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Faculty Research Seminar, 2013-14

The Allen and Joan Bildner Center for the Study of Jewish Life launches a year-long faculty seminar on the theme Contested Memories and the Politics of Change during the academic year 2013-14. About twenty scholars will convene at the Bildner Center to present and discuss their current research projects exploring this theme from a comparative, cross-cultural perspective. This work will culminate in a conference at the end of the academic year where members of the seminar will be joined by other scholars working in this area to explore major themes and concepts in the study of memory.

The seminar, organized by Professor Yael Zerubavel, the Bildner Center’s Director, includes faculty from Rutgers and international visiting scholars affiliated with the center in 2013-14. Representing a wide range of disciplines, the seminar participants include faculty from history, sociology, political science, anthropology, geography, comparative literature, art history, and women and gender studies.

The twentieth century with its global and regional conflicts, disintegrating empires and postcolonial national movements, new states and shifting boundaries has led to an increasing interest in the study of memory. While governments establish their own version of the past through state agencies and quasi-official organizations, alternative interpretations are often created by opposition groups and political activists, intellectuals and artists, and the media. These competing versions of the past introduce a multilayered collective memory that offers a fascinating topic of study.

The experience of successive wars and multiple national, religious, and ethnic conflicts have led to a growing scholarly recognition in the long-term impact of trauma. Within this context, the Holocaust has become a key paradigm for the study of the historical roots of genocide, and the experience of trauma on survivors and its intergenerational transmission within families and larger communities. The emphasis on the importance of witnessing and the testimonies recorded by Holocaust survivors, the outpour of literature, film and art related to the Holocaust, and the increasing number of monuments, memorial sites, and museums have contributed to the increasingly global significance attributed to the Holocaust for the study of genocide and for human rights advocacy. Trauma and memory studies have become closely interwoven, and encompass such diverse fields as health, neurology, psychology, social work, sociology, literature, theater, film, and the visual arts.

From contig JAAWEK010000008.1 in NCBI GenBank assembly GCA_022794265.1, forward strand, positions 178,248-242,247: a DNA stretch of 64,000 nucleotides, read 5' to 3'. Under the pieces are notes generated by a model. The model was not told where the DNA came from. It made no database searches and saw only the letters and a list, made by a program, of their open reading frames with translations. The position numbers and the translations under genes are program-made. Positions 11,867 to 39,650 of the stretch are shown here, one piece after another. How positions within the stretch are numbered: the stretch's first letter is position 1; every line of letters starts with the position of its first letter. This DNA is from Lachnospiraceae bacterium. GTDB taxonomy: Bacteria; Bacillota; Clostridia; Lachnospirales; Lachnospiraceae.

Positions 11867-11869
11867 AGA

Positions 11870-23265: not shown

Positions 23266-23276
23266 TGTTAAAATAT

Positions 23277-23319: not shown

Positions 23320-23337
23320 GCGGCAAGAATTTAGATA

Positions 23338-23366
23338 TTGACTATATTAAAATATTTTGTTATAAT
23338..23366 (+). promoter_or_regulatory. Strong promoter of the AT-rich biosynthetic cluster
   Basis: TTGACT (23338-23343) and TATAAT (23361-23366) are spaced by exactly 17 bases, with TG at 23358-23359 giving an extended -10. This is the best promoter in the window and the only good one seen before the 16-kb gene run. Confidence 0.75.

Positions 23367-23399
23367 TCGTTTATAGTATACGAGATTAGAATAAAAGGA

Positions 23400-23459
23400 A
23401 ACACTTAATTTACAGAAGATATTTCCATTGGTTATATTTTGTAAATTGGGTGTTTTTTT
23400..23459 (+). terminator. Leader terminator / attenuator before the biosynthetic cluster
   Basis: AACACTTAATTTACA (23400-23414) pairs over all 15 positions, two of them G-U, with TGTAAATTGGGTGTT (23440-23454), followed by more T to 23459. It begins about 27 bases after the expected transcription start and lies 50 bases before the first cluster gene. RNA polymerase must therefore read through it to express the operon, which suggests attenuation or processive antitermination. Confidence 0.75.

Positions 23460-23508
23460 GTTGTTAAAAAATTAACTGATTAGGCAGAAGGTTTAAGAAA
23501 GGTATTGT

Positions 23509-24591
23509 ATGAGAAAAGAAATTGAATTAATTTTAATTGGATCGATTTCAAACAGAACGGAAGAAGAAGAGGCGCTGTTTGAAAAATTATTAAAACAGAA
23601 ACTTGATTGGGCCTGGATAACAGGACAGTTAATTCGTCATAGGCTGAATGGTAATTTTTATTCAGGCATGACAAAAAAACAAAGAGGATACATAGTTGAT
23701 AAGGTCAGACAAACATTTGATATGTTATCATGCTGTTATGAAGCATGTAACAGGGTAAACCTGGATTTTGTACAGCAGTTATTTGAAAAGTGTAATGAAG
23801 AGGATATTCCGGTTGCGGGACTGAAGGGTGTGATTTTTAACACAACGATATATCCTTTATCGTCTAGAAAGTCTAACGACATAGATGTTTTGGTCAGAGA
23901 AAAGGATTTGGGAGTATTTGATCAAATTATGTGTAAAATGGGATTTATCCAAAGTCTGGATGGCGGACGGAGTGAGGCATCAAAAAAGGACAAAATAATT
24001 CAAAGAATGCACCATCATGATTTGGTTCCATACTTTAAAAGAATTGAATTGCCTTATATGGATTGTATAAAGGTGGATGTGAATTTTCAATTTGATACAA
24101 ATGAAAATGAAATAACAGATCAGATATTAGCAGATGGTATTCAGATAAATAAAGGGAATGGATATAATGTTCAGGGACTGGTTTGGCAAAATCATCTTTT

Research projects pursued by seminar members include topics related to trauma and its impact, such as “Art at the Extreme: Witness and Memory” “’Our Ashes Were Mingled’: Roma and Jews during the Holocaust and Beyond,” “Silence and Revision: Collective Memory in the Aftermath of the Holocaust,” “Transitional Slippages: Power, Politics, and the Moral Economy of Justice at the Khmer Rouge Tribunal,” “The Construction of the Self: Articulating the Memory of Trauma by Internally Displaced Persons (IDPs) in Georgia,” and “Afterimages of War: Trials, Trauma and Visual Representation,” and “Sites of Memory, Sites of Justice: Memorials and the Public Sphere in Jewish Buenos Aires.”

Other projects focus on the interface of memory and politics, including “Nationalisms in the Holy Land: Religion, Reform, and Secularization in Jewish and Arab Nationalist Memory,” “Twenty Years After: A Comparative Study of the Commemorations of the End of Communism,” and “The Inner Life of Politics: Grassroots Activists in West Germany, 1962-1983,” and “Women Breaking the Silence: Politics and Technologies of Memory in Israeli Women Soldiers Testimonies.” The reimagining the past through narrative structures and symbolic forms will be addressed in such topics as “Mental Geographies and Memory Reconstruction,” “The logic of/in Tragedy,” “The Social Marking of the Past: A Case Study of Semiotic Asymmetry”; “Historical Ruptures and Mnemonic Continuities: Performing Antiquity in Contemporary Israel,” and the study of “The figure of iconic figures such as "Jewish Bolshevik" in 20th century European politics,” and “The Israeli Transformation of The European Tradition of the Wandering Jew.”

The two and a half day conference planned for May 2014 will expand the discussion of these important topics beyond the seminar presentations. The conference will explore the impact of trauma experienced in genocide, war, and disasters on individuals and groups from a comparative and multidisciplinary perspective by drawing on additional faculty at Rutgers and inviting major scholars in the study of memory to campus.

The Bildner Center’s faculty seminar on Contested Memories and the Politics of Change furthers the Center’s mission to encourage faculty research and reinforces its broader educational mission in promoting Holocaust education as a paradigm for genocide studies and for promoting tolerance and reduction of prejudice. It builds on the vast experience the Center has acquired in its ongoing training of teachers in its Master Teacher Institute on Holocaust Education and earlier programs including symposia and conferences, on related topics. The seminar features Rutgers enormous faculty resources, focusing on scholars who engage in the study of memory and the importance of engaging humanities and social scientists in the interdisciplinary fields of trauma and memory.

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